The Innocents is an outright psychological movie—from the perspective of the central character Miss Giddens. Already amused by the unusual secretiveness of Flora and the striking maturity and flirtatious behavior of Miles towards Miss Giddens, the movie touches the issue of carnal, unsocial attraction between an infant and an adult. Whilst not in any manner explicit, suggestions surround the movie, especially for Miss Giddens who finds a dangerous maturity and puzzling polarity in Miles. With the overtones of sexual union between the two omnipresent characters in the movie, the story becomes all revolving around sexuality, and emotional turbulence for Miss Giddens, while it circulates around sexual abuse, loneliness, and psychological instability for the two children, especially Miles—expelled from school and a boy who is smart, astute, and very much capable of violence meditative of his age. In the case of Flora, she served the characteristics of young, pre-puberty girls in the myth of prosperity but without any support in her austerity. No wonder, the two children find solace in one another, and used to find solace in Quint as in the case of Miles, his role model and Jessel as in the case of Flora—her muse.
The stunning climax reveals the hallucination of Miss Giddens, somebody who is sexually repressed herself, and when she finds so much going on amidst the calamity of the mansion, the line between reality and her conflict against her desires is blurred by her psychological interpretation of the occurrences in this strange house. With no experience in handling children or such circumstances before, Miss Giddens shows her naivety by mishandling the incidences, although not entirely her fault as the children seemed in a labyrinth themselves and the fabricated happenings only triggered the revolver for her and the children too. At the end, with the departure of Miles, and the sensual kiss that she returns—signifies the death of innocence, the birth of sensuality into a land of temptations. For Miles, it was only darkness and for Miss Giddens, it was her corruption that events brought about and her conditionings catalyzed her to avoid.
Uncanny to modern cinema in certain ways, the Innocents is not just a movie with an imperative, intelligent screenplay and central plot, it can also serve as a school for filmmaking enthusiasts, film experts and critics, film historians, and any individual interested in the art of film behind the lens. There are primarily four facets of the movie that contributed in the impact of the scene, progression of story, as well as invoking the desired reaction: the Lighting, Atmosphere, Cinematography, and Music. For monochrome movies, there are few that have captured the scenic beauties and exploited cinematography at the level the Innocents manages. Rivaling the technological leap of today’s world, the movie utilizes atmospheric cinematography and lighting with such splendor, disparity, and variance that the untold message enters right into the viewer through the eyes straight into the emotions—without the logical brain interfering with interpretation. It is the usage of such diffusing lighting methods that creates a peculiar atmosphere—pleasant, haunted, sometimes both at the same time!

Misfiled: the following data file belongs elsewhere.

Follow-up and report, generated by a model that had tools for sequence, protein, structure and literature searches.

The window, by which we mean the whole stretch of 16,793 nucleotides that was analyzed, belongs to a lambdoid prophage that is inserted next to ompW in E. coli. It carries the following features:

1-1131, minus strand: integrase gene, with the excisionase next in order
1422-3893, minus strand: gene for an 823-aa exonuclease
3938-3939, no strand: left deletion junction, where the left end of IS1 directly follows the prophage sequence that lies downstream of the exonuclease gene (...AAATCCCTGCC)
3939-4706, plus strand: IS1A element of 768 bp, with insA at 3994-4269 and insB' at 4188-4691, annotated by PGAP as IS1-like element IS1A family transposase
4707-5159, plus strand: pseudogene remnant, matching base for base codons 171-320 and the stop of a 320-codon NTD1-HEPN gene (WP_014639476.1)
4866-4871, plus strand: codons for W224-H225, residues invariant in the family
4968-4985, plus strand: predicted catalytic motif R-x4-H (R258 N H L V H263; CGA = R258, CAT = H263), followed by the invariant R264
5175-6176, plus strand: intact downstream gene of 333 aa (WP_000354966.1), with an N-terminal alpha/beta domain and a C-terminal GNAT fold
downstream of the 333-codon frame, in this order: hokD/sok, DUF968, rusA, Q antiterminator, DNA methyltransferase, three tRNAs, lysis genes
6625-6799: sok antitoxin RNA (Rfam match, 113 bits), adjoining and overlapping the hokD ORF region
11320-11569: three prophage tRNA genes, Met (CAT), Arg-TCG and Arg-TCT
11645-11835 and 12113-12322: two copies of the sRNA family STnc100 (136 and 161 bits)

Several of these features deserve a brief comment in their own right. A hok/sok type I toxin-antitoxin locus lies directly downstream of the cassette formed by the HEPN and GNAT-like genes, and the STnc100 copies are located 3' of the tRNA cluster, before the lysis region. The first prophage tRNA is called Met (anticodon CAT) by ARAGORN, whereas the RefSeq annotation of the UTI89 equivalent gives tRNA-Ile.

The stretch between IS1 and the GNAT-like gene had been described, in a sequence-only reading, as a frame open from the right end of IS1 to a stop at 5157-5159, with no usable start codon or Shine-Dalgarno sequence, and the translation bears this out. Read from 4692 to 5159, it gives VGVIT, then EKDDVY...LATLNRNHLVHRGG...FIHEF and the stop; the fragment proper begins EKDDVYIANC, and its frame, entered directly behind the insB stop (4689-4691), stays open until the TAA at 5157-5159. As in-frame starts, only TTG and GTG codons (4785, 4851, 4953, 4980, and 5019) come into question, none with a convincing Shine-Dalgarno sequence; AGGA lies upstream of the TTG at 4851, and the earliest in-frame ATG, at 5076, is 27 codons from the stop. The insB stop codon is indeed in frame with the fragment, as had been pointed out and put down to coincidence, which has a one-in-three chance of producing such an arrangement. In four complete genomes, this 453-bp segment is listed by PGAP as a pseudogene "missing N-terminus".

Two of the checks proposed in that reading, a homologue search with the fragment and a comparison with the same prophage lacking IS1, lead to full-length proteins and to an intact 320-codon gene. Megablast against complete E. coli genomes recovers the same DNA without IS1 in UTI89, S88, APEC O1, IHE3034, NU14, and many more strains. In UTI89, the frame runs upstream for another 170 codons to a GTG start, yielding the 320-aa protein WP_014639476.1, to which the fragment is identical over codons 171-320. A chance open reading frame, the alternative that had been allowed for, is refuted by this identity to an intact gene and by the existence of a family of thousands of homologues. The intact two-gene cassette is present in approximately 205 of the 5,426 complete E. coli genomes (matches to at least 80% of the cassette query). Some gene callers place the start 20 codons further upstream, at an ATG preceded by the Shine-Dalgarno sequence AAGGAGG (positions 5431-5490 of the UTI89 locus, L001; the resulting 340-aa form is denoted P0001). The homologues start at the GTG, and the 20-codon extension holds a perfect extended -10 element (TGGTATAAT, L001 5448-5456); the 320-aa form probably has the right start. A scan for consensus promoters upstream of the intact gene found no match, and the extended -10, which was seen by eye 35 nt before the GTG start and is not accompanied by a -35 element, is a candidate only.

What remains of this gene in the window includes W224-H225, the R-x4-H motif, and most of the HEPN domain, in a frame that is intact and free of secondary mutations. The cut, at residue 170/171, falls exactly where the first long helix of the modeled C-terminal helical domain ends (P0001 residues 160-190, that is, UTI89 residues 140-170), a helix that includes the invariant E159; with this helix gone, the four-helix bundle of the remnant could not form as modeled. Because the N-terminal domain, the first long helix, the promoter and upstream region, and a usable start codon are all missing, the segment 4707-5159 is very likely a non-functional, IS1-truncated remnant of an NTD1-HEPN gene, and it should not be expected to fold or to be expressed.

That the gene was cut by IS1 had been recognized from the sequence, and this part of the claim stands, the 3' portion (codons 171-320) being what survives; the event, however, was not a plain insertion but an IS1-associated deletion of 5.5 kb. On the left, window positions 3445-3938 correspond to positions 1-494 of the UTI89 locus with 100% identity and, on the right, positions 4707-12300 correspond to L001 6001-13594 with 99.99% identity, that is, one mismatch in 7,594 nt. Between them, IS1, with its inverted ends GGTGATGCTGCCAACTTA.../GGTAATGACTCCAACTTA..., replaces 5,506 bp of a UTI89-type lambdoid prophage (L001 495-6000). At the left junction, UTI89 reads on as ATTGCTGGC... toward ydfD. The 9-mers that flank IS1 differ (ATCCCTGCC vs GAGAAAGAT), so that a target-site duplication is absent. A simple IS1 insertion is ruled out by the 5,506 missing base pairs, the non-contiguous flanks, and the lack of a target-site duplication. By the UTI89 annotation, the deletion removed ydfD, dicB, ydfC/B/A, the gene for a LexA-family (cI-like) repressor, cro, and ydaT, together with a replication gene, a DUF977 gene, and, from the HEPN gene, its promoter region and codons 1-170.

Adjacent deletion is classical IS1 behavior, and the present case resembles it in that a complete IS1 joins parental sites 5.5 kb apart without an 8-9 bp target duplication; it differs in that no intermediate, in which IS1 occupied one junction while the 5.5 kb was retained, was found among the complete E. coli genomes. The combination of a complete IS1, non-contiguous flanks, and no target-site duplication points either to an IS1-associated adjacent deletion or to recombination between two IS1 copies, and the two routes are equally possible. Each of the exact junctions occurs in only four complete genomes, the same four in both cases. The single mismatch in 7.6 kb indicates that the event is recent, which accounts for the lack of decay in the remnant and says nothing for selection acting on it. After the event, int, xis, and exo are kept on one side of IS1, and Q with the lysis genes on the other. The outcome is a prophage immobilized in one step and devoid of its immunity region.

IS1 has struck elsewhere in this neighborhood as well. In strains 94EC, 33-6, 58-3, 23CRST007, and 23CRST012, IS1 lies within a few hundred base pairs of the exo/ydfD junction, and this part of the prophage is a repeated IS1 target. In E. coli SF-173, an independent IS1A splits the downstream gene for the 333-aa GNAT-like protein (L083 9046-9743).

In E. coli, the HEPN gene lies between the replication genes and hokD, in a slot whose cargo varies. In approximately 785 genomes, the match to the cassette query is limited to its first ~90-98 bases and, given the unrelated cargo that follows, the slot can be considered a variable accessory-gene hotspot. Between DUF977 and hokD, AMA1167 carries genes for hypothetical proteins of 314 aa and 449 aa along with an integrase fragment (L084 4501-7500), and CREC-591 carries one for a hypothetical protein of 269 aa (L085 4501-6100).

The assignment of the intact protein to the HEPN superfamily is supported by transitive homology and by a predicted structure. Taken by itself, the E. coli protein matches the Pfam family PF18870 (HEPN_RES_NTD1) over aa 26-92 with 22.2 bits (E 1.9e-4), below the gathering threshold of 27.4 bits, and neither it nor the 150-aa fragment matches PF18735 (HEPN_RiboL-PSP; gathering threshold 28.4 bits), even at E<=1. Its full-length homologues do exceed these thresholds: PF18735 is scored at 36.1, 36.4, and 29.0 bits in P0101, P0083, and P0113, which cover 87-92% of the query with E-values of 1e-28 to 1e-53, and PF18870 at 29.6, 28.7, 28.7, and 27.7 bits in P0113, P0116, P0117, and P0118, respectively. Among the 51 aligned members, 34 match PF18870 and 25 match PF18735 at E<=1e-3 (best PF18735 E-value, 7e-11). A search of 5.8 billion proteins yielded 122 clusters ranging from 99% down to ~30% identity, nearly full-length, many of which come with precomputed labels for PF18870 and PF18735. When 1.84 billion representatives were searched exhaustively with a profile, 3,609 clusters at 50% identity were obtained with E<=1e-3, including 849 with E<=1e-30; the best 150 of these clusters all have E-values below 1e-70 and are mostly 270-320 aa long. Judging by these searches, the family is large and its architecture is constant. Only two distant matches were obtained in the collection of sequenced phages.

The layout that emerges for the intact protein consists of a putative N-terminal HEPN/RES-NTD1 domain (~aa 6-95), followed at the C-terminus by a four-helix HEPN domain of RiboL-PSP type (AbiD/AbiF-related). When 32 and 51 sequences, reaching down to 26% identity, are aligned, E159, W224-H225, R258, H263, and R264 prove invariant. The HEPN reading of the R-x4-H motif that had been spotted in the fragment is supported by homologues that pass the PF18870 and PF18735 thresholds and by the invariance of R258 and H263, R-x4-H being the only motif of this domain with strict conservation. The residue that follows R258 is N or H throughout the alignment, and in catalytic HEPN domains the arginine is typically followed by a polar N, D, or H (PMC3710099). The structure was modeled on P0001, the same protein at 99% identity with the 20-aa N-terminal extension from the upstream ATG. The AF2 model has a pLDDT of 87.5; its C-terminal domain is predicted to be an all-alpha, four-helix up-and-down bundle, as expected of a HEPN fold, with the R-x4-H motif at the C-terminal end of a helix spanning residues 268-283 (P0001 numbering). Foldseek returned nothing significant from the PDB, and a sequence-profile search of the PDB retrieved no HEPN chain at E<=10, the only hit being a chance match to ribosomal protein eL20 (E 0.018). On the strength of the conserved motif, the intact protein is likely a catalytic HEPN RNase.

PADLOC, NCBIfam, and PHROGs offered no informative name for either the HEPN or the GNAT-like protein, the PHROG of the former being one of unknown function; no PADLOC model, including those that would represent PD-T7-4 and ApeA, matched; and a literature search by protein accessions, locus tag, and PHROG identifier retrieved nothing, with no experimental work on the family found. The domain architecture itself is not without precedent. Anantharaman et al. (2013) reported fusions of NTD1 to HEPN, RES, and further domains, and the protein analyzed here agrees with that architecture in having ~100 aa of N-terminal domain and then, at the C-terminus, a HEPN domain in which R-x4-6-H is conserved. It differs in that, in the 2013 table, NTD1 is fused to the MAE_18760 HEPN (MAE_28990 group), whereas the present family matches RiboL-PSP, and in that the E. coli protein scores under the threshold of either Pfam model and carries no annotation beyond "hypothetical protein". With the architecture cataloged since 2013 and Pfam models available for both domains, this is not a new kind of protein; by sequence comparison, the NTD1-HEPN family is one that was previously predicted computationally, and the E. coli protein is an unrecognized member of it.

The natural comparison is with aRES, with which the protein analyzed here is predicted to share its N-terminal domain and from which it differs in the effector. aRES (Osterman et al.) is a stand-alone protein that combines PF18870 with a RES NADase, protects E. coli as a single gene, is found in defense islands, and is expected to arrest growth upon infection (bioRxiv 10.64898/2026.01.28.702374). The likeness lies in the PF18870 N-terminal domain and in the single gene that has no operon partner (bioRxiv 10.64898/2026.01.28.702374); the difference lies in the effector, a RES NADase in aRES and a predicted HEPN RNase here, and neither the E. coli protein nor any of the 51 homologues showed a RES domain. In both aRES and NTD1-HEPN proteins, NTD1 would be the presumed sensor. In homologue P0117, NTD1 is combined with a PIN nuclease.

The combinative works of the Cinematographer (Freddie Francis), Art Director (Wilfred Shingleton), and Director is some of the best and most influential in the history of Cinema, as the result is one stunning aesthetic masterpiece, with psychological elements weaved together to create a fabled movie. For that reason alone, the movie should be in the list of must watch movies for any individual associated with film—physically and emotionally. The background score (Georges Auric) compliments the feelings of the characters, which it should—but the level of musical shocks that Auric persists is hardly in tune with the horror genre rather, he focuses on inducing slow, poisonous venom in viewers as they search—along with the central character—the end to the misery and myriad illusions of uncertainty, treachery, silent violence, and insanity.
Last but not without respect, the star of the screen was, undeniably, young Martin Stephens—delivering a mature performance beyond his years and charming the screen like an actor in repose would, with ease. Easy with the dialogs, subtle mannerisms resembling mental exertion, and the grace of a wise man—it seemed—Martin Stephens is annexed in the cult of young geniuses who portrayed their talents at such tender age. The Innocents is far beyond its time and era, and is a defining movie in the genre of thrillers. The movie isn’t scary, but it wasn’t intended to be! It is thrilling, spooky, and spine chilling; however—and one true masterpiece from Clayton and his team.